Southern Oregon AVA
Location: The Southern Oregon AVA lies in the southwest portion of the state, stretching 125 miles south of Eugene to the California border, and 60 miles at its widest between the Cascade Mountain Range to the east and the Coast Range to the west. It encompasses Applegate Valley, Elkton Oregon, Red Hill Douglas County, Rogue Valley and Umpqua Valley appellations.
Wine history: Southern Oregon has the oldest history of grape growing in the state. It dates back to 1852 with an early area settler named Peter Britt, who operated a winery in Jacksonville. Post-Prohibition winemaking started in 1961 when vintner Richard Sommer migrated from University of California at Davis and founded Hillcrest Vineyards in the Umpqua Valley. Impressed with the diversity of growing conditions in this area, other winemakers began planting roots in the 1970s, resulting in a patchwork of vineyards growing both cool- and warm-climate varieties. Today, this winegrowing region continues to grow and turn out a great variety of high-quality wines. The appellation became official in 2004.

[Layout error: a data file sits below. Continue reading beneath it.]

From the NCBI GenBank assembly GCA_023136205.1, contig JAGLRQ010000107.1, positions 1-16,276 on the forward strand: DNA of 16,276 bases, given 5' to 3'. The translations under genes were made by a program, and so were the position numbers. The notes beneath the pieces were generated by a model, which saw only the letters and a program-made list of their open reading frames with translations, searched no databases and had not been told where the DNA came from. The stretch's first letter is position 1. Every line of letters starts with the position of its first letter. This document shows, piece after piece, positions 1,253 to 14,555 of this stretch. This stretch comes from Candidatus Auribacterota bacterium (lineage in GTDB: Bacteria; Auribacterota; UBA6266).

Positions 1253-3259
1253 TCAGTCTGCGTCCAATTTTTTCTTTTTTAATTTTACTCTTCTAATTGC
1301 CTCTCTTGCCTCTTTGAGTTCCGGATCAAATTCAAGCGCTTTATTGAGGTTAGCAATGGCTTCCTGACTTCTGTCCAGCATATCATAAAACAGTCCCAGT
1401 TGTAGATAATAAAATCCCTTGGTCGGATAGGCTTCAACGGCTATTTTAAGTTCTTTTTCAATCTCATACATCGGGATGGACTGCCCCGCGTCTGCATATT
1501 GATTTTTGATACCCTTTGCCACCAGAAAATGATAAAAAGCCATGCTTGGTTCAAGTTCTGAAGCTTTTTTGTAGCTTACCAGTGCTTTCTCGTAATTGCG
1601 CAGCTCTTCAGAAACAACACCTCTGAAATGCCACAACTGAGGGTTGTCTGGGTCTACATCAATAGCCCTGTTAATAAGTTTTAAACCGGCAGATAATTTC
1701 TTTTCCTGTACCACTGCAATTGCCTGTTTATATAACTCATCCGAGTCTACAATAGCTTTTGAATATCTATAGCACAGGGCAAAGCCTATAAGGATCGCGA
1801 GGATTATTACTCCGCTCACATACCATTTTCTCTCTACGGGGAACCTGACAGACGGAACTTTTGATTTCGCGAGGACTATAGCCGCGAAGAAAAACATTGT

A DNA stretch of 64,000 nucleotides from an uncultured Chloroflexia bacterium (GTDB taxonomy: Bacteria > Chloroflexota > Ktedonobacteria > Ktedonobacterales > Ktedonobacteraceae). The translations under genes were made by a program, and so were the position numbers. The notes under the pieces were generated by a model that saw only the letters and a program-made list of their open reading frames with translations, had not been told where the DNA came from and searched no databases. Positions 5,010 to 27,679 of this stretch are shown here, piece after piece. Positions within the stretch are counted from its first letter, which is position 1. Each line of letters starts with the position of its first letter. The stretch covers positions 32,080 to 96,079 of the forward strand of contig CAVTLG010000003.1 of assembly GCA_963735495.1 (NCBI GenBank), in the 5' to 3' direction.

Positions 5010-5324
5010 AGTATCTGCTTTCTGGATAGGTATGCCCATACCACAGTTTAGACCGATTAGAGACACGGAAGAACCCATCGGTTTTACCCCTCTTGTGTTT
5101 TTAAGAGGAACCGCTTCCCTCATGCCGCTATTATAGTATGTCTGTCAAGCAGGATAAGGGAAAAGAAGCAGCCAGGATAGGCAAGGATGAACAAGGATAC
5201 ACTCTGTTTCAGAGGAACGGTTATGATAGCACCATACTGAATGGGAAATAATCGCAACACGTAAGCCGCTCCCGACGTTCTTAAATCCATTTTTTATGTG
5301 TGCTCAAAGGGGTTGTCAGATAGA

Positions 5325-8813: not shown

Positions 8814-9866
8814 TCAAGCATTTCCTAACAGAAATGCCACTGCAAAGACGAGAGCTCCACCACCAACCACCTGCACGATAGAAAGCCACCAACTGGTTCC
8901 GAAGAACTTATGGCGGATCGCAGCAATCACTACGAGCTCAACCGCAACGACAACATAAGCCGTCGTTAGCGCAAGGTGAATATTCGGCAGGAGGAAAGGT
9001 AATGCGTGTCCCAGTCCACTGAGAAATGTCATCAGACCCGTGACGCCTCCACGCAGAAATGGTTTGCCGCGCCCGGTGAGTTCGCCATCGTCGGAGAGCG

Climate: While this region provides the warmest growing conditions in Oregon, there exist cool microclimates within its varied hillsides and valleys that enable Southern Oregon to successfully grow both cool- and warm-climate varieties. This area receives significantly less rainfall than other viticultural areas in Oregon (40 percent less than the Willamette Valley) and is generally a warm, sunny, arid climate.
Soils: Southern Oregon’s soils are varied and complex, though generally derived from bedrock, specifically from the 200 million year old Klamath Mountains to the west, which are comprised of sedimentary rocks.
Topography: The Southern Oregon appellation contains a varied, mountainous topography with vineyards typically situated in high mountain valleys at elevations between 1,000 to 2,000 feet. The lofty southern coastal mountains provide a barrier to the west, blocking marine air and casting a rain shadow to the area’s south and east.